Evergreen Federer still has plenty to achieve
On the face of it, there appears nothing Roger Federer lacks.
The world number one has 16 major titles, the career Grand Slam, more than $50m in career prize money and the seductive-yet-subjective label, applied by many former champions, as the best player of all time.
He is embracing family life with wife, Mirka, and twin daughters, Myla and Charlene, who are seasoned international travellers at nine months old.
Certainly, he is all smiles as we meet in a first-floor room at the Caja Magica in Madrid, completely free of entourage, his white tracksuit top and black baseball cap boasting the now familiar "RF" logo.
He has achieved so much in such a relatively short space of time (he is still only 28) it is sometimes easy to assume he has nothing left to shoot for.
Far from it. Despite some unexpected defeats recently, these are wildly exciting times for Federer as he plots the next phase of his career.
Retirement doesn't even cross his mind.
"No it doesn't and I don't think it should," he tells me in an exclusive interview for BBC Sport. "It's just not something I'm even in the mood to think about because I want to enjoy my time as a player and not talk for years about how I'm going to retire or when I'm going to retire.
"That's why I told the press a few years ago that I'm definitely going to play until the 2012 Olympics, just to give them some sort of timeline. Now people think I'm going to retire at the 2012 Olympics - which is not true! Even though you never know, it depends on your body, but I would like to play beyond that so we'll see how it goes."
Since winning the Australian Open, Federer has suffered with a lung infection and lost to Tomas Berdych, Marcos Baghdatis, Ernests Gulbis and Albert Montanes.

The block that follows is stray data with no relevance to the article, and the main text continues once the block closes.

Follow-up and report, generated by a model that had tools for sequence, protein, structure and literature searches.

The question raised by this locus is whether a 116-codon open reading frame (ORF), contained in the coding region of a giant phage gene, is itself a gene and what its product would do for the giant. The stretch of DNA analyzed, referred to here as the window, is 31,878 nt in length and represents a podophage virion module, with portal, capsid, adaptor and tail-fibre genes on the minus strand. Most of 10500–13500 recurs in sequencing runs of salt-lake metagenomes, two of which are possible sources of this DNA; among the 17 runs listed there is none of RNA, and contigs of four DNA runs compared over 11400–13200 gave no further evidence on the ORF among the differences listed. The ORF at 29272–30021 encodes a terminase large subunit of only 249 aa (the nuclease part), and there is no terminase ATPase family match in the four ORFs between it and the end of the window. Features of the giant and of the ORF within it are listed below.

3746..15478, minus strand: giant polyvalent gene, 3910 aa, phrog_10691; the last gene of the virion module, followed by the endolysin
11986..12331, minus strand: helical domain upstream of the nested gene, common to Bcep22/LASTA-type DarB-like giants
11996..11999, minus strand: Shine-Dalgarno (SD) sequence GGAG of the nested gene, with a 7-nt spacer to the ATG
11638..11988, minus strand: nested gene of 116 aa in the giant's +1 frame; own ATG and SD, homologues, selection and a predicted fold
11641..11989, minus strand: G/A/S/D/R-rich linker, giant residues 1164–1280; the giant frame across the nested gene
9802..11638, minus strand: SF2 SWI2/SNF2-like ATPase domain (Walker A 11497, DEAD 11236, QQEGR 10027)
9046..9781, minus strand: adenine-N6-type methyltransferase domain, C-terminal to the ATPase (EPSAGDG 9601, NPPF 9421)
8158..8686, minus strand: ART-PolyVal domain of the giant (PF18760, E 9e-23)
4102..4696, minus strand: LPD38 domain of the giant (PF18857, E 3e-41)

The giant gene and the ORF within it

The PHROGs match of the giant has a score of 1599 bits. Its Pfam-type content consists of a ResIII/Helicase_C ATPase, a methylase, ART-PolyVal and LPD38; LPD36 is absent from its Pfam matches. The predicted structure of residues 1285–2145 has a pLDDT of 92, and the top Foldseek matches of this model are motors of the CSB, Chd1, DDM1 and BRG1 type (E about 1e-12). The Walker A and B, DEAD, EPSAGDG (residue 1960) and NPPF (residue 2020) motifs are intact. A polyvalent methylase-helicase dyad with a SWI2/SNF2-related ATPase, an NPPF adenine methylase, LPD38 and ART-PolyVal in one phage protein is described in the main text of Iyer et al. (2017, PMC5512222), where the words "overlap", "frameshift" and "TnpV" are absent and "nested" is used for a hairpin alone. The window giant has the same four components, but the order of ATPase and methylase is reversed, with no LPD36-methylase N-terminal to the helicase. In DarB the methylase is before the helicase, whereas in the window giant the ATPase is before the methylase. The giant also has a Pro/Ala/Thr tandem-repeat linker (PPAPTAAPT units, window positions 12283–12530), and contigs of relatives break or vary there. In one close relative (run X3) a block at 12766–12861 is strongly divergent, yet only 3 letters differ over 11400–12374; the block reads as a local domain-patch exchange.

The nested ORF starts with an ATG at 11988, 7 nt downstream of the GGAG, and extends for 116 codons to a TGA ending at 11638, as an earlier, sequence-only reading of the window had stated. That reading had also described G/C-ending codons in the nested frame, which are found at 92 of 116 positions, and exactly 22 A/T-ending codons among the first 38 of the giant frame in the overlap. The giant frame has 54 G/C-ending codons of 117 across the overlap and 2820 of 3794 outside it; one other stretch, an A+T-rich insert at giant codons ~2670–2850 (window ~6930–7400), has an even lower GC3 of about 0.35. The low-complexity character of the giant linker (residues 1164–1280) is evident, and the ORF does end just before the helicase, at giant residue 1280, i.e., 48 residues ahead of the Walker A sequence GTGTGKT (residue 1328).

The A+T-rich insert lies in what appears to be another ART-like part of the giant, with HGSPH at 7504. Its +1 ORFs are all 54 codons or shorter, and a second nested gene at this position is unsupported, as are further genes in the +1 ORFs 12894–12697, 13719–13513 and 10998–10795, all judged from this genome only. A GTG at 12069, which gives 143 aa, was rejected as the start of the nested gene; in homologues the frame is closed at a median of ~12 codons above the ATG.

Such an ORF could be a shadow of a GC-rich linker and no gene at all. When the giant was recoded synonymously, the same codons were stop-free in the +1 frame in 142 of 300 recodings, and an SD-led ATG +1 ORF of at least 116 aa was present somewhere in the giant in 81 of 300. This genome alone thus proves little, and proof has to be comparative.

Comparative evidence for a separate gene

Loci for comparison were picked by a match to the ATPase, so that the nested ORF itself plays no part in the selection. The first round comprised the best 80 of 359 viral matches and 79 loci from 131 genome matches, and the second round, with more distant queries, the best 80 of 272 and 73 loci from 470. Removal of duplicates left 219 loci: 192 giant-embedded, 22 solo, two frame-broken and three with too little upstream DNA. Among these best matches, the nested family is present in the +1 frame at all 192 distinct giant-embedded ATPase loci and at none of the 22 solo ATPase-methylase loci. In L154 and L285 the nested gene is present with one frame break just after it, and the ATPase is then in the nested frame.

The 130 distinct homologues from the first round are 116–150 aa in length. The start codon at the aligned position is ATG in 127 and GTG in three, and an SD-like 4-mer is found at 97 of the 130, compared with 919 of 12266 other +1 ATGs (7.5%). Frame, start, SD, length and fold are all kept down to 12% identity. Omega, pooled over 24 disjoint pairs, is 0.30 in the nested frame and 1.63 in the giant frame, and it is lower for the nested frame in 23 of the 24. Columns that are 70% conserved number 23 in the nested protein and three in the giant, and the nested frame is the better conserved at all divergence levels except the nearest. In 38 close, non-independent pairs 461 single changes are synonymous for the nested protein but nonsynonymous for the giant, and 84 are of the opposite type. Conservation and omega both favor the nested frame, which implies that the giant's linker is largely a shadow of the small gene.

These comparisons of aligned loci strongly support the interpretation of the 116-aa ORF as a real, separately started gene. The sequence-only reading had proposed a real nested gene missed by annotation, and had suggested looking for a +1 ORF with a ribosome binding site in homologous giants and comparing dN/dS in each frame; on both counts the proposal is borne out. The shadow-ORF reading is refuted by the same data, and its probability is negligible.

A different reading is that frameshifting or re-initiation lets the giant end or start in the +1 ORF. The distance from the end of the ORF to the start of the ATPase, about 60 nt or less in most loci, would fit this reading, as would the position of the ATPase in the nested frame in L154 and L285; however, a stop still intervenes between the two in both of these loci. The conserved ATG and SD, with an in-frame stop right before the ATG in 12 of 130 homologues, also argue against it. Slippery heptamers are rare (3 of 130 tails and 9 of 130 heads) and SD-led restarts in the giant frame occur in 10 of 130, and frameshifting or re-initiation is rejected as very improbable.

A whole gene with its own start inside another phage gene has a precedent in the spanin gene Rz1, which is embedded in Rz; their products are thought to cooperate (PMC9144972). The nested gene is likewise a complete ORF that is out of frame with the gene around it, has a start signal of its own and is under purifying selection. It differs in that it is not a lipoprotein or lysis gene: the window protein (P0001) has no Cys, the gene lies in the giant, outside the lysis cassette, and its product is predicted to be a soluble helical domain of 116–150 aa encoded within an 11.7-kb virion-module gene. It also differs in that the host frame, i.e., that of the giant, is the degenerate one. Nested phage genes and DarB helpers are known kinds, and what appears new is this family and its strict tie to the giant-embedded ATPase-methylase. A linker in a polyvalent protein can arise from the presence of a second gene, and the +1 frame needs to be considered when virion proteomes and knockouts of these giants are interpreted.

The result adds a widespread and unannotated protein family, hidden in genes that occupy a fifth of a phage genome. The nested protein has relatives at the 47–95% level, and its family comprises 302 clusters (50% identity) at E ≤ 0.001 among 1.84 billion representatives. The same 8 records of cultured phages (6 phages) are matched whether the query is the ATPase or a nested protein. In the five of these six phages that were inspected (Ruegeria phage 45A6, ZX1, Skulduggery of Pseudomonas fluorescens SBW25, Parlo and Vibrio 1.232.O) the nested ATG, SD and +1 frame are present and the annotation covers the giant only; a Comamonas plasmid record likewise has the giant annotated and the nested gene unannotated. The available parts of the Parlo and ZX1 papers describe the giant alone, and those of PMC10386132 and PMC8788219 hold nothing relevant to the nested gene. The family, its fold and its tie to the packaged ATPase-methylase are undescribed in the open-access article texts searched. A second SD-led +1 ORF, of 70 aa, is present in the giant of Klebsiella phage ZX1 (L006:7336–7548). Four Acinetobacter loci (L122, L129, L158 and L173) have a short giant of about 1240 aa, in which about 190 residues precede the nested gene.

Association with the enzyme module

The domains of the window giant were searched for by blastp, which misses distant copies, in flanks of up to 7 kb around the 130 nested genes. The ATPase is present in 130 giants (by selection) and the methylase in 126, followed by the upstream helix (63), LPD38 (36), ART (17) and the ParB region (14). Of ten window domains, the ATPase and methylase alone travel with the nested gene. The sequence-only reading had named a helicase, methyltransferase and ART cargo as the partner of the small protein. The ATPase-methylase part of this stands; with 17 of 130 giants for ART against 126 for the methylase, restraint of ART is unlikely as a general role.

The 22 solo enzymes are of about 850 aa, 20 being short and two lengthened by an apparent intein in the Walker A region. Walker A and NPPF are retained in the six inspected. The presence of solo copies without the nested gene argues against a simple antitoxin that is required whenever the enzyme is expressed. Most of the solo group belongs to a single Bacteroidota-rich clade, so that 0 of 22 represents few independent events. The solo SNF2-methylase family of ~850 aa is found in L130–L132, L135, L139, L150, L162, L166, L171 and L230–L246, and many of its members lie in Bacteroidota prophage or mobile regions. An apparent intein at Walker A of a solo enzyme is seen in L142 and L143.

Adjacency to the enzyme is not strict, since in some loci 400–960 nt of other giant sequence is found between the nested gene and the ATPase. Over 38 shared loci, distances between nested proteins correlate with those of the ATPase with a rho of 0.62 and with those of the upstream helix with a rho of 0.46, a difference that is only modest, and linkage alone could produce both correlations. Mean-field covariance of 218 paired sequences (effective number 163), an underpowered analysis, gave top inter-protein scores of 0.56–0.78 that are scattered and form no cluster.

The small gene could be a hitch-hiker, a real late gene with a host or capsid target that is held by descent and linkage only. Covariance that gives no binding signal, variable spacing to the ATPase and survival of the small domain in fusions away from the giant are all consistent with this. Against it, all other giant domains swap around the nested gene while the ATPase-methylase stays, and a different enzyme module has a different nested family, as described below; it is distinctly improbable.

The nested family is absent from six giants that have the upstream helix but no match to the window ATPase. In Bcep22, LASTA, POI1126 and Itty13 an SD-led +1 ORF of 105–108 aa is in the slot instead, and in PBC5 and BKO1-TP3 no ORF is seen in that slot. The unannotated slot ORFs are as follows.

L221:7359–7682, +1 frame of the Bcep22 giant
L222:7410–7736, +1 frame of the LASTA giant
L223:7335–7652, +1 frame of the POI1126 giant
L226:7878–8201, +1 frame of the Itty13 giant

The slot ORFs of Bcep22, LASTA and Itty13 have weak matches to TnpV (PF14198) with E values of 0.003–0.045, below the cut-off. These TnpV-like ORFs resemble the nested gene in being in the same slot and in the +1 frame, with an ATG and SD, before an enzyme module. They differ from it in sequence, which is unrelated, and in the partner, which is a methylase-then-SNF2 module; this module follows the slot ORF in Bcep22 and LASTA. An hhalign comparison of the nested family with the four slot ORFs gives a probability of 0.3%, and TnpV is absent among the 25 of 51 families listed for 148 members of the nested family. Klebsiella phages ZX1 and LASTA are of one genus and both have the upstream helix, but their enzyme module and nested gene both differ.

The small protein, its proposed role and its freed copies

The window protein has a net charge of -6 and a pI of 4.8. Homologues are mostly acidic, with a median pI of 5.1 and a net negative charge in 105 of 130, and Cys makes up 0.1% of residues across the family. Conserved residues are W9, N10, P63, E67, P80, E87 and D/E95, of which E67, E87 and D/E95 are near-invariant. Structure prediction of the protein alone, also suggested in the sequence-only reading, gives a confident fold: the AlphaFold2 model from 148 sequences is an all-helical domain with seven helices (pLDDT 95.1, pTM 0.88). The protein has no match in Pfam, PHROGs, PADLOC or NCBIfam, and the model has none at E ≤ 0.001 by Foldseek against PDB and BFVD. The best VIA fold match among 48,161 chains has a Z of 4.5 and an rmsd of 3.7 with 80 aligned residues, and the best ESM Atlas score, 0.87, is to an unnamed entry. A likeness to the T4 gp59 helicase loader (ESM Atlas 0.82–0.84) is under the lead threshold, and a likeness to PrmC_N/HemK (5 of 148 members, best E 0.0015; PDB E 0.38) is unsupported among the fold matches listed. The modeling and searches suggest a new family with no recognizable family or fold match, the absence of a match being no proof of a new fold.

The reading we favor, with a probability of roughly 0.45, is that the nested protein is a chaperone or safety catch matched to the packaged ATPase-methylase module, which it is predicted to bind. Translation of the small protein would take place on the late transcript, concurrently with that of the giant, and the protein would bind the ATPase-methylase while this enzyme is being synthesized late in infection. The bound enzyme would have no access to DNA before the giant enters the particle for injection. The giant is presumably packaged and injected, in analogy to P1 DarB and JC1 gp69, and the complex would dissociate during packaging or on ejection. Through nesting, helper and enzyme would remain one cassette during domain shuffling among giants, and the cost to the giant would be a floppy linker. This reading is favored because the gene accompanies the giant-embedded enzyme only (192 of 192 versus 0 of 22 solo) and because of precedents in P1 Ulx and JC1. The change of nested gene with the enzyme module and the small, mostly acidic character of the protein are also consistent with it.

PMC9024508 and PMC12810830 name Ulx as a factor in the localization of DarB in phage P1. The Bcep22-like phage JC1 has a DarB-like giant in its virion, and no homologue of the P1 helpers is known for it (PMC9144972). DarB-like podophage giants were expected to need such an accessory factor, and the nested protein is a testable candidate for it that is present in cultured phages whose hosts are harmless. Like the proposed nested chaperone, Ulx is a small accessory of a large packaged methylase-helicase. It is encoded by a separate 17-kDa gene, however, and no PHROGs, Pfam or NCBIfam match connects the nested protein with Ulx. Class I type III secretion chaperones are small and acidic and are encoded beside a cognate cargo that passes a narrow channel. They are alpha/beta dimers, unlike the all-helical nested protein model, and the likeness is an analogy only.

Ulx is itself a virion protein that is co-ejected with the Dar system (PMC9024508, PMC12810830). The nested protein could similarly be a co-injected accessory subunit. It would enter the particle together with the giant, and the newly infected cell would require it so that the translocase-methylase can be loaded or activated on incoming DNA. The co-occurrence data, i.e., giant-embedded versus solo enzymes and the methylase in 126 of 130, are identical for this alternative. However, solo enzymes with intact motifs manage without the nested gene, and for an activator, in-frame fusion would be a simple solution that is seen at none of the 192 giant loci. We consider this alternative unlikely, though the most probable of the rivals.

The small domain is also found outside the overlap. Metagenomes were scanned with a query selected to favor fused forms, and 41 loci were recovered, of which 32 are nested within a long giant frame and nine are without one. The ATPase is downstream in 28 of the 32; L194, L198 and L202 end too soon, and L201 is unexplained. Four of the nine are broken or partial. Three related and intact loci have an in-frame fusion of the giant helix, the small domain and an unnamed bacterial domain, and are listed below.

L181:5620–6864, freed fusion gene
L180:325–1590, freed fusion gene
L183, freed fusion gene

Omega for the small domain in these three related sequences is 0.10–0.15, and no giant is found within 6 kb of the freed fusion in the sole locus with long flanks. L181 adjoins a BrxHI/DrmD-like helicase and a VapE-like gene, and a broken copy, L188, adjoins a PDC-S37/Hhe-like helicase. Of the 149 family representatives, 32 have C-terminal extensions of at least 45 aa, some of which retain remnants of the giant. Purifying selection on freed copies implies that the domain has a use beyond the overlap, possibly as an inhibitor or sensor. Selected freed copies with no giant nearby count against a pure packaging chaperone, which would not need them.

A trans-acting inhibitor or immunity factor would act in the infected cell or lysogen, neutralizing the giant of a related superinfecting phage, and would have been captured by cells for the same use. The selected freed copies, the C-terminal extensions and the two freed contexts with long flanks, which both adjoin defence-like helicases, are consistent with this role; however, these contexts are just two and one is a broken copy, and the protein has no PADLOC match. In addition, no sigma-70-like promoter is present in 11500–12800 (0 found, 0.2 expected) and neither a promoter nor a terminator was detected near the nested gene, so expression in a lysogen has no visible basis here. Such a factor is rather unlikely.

But I detect a definite twinkle beneath those magnificently bushy eyebrows of his as he tells me: "I'm sure my best tennis is just around the corner, I've just got to keep believing. It's a lot of fun right now and I obviously want to do this as long as possible."
Federer will defend his French Open title at the end of the month. Picture AFP
And why not? There are records to chase, prizes to be won and Federer has several diary dates ringed in red ink.
On Monday, 14 June, seven days before the start of Wimbledon, he should overtake Pete Sampras as the longest-serving world number one in rankings history.
Sampras held the top spot for a total of 286 weeks (followed by Lendl on 270 and Connors on 268) but Federer will move ahead on to to 287 weeks, unless he has an appalling French Open.
On Sunday, 19 September, Switzerland should be back in the World Group of the Davis Cup - they have been drawn against Kazakhstan in the play-offs - and Federer will consider whether the time is right to commit to the competition in 2011.
He desperately wants to win the event one day and needs Stan Wawrinka as an able number two, but like Andy Murray, Andy Roddick, Rafael Nadal and others, he chooses his matches carefully to fit around his personal schedule.
Then, of course, there is the aforementioned business in the summer of 2012.